The overarching goals of the Healthy Birth Initiative were to reduce disproportionately high rates of infant mortality and low-weight births in north and northeast neighborhoods of Portland, Oregon, and to decrease behavioral risk factors during pregnancy, such as tobacco use, drug/alcohol use and late entry into prenatal care. Through one-on-one case management and outreach, this federally funded initiative had already served about 100 women.
Metropolitan Group was hired to extend the reach of the program through a public education campaign. Metropolitan Group researched the special needs and challenges of at-risk pregnant women, and conducted focus groups and interviews with African American, Hispanic, Caucasian and Somali women. When our research showed that lack of support from male partners and friends was a major deterrent to pregnant women making healthy choices, we designed and implemented a public education campaign that delivered messages about how to have a healthy pregnancy and a healthy baby.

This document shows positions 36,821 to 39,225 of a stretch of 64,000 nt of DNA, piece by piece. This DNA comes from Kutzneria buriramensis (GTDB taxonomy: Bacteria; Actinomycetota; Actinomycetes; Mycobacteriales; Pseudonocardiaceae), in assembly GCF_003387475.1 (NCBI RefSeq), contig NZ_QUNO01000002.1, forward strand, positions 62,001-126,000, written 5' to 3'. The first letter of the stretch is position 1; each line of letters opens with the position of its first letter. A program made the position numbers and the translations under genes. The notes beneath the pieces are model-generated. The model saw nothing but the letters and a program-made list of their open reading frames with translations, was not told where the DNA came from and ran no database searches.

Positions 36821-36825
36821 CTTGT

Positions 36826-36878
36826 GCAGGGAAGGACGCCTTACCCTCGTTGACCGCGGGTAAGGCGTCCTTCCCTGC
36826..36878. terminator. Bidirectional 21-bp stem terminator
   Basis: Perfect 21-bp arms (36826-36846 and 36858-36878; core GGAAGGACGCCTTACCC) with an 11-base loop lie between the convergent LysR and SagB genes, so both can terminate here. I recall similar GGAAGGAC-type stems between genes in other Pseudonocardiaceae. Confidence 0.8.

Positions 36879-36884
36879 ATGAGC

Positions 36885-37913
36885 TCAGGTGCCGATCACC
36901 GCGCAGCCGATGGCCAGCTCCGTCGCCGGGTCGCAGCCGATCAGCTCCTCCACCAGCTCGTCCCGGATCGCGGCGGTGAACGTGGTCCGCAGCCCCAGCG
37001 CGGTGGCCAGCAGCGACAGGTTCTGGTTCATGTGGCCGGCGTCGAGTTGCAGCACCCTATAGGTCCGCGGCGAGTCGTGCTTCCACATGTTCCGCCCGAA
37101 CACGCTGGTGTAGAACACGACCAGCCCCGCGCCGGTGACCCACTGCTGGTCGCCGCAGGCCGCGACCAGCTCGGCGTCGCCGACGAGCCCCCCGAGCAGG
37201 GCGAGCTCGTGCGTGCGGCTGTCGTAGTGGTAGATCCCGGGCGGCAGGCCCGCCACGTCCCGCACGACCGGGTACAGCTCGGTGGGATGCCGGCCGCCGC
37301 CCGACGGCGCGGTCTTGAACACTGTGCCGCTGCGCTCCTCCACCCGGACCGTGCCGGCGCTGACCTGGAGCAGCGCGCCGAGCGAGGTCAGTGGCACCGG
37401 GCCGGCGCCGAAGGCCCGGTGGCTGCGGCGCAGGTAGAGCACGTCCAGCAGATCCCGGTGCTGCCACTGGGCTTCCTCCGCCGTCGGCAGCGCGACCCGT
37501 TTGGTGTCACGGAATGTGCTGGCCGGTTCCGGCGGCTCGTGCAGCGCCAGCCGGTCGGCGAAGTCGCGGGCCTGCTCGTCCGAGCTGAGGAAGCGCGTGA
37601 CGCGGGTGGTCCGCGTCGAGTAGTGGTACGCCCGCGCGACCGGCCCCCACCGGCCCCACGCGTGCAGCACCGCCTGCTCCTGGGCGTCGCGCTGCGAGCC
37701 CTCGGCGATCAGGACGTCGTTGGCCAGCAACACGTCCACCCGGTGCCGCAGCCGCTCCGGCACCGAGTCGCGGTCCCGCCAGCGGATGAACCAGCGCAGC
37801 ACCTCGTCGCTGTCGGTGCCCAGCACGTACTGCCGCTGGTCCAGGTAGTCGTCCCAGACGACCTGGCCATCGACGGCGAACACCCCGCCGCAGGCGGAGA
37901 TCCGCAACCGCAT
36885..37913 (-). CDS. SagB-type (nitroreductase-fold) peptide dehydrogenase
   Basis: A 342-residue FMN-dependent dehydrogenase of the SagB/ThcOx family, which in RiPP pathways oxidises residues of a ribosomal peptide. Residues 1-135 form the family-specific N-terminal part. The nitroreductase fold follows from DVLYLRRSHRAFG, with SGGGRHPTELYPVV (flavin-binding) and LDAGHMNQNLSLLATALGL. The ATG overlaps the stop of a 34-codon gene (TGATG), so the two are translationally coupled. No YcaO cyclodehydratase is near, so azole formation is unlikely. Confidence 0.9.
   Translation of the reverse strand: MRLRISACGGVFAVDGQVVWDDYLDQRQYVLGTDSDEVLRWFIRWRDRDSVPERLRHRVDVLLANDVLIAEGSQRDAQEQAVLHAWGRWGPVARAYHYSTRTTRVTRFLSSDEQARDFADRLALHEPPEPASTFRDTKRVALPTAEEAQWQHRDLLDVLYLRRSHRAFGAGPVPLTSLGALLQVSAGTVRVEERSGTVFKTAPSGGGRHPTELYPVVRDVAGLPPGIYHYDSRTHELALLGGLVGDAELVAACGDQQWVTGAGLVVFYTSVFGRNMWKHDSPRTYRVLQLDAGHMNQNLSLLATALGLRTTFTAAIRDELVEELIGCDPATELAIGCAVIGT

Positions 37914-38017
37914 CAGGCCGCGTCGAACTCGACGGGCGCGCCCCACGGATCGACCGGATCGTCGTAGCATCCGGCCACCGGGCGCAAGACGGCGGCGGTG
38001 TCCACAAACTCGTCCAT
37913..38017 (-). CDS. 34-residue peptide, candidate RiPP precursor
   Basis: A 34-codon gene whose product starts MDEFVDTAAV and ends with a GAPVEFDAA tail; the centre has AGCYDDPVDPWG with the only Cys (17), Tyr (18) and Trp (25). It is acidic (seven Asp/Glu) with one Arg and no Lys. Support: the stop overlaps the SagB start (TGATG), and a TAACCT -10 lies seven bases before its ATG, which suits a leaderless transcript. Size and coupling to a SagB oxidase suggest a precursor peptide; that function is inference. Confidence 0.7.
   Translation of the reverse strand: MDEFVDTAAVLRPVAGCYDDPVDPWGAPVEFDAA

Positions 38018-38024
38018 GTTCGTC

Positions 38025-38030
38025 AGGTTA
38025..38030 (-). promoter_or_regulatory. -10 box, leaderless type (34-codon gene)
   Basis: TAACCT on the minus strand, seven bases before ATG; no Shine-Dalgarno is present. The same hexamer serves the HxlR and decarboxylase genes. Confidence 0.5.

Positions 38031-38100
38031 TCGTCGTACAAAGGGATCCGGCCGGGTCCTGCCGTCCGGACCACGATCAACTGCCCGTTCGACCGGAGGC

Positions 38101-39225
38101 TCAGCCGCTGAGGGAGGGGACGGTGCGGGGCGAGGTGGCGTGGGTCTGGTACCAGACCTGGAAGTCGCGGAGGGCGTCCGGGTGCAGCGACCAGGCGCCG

MG created several materials that included a poster with “tear-off” tips for women and men, and an appointment book for pregnant women. All materials were printed in English and Spanish, and featured pregnant women (and their partners), most of whom were current or former members of the Healthy Birth Initiative. Campaign advertising included a partnership with a local television station, partnerships with multiple local radio stations and transit advertising. MG also created an alliance of community partners, from health clinics to restaurants and nail salons in North and Northeast Portland, to distribute the campaign posters and appointment books to the community.
MG placed more than five million impressions through TV, radio, transit and grocery bag advertising. This multifaceted campaign was designed to ensure that we reached the target audience multiple times through different media. MG also leveraged an investment of $130,000 by the Healthy Birth Initiative into a campaign valued at almost $175,000, generating an added value of about 23 percent. Rates of infant mortality and low-weight births both declined following the public education campaign.